Notes on Plot from Brown’s Hope Amidst Ruin

As I mentioned yesterday, I deeply appreciate A. Philip Brown’s book, Hope Amidst Ruin: A Literary and Theological Anaylsis of Ezra.

Here are the notes I took on what he says about plot–page numbers in parentheses refer to Brown’s book:

Plot: ordered arrangement of the incidents . . . which has a beginning and a middle and an end (66).

What plot is: “the principle of interconnectedness and intention which we cannot do without in moving through the discrete elements—incidents, episodes, actions—of a narrative. . . . a plot . . . is a narrative of events, the emphasis falling on causality” (66–67 n. 4).

What plot does: “serves to organize events in such a way as to arouse the reader’s interest and emotional involvement, while at the same time imbuing the events with meaning” (67 n. 4).

“the structure of [the narrative’s] actions, as these are ordered and rendered toward achieving particular emotional and artistic effects” (67 n. 4).

“Plot is a selected sequence of logically-caused events that solve a conflict by utilizing established literary conventions such as introduction, complication, crisis and denouement” (67 n. 4).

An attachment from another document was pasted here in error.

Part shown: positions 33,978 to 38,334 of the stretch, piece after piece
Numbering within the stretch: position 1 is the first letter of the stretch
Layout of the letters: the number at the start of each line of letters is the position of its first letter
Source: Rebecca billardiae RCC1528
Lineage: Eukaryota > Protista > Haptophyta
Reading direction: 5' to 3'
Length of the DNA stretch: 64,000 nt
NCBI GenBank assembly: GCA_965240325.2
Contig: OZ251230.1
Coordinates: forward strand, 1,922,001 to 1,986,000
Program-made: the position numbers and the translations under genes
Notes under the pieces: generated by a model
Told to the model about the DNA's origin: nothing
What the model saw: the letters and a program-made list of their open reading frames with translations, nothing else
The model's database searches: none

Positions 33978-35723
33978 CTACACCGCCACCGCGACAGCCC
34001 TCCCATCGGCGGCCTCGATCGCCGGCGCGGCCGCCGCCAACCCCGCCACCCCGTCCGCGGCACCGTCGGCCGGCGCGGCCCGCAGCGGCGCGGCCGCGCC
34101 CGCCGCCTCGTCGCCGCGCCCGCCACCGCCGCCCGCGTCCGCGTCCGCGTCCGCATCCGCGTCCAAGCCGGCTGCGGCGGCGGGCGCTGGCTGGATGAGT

“plot structure refers to the large-scale layout of the plot in terms of episodes, phases, and scenes” (69 n. 12).

“A ‘phase’ is a group of logically or thematically related scenes, and a ‘scene’ is an event or event sequence that is complete in itself” (69 n. 16).

Models for Analyzing Plot Structure:

(1) Analysis in terms of the beginning, middle, and end;

(2) Analysis in terms of a pyramidal model of conflict development and resolution;

(3) Analysis in terms of the rise or fall of the protagonist’s fortune (69–72).

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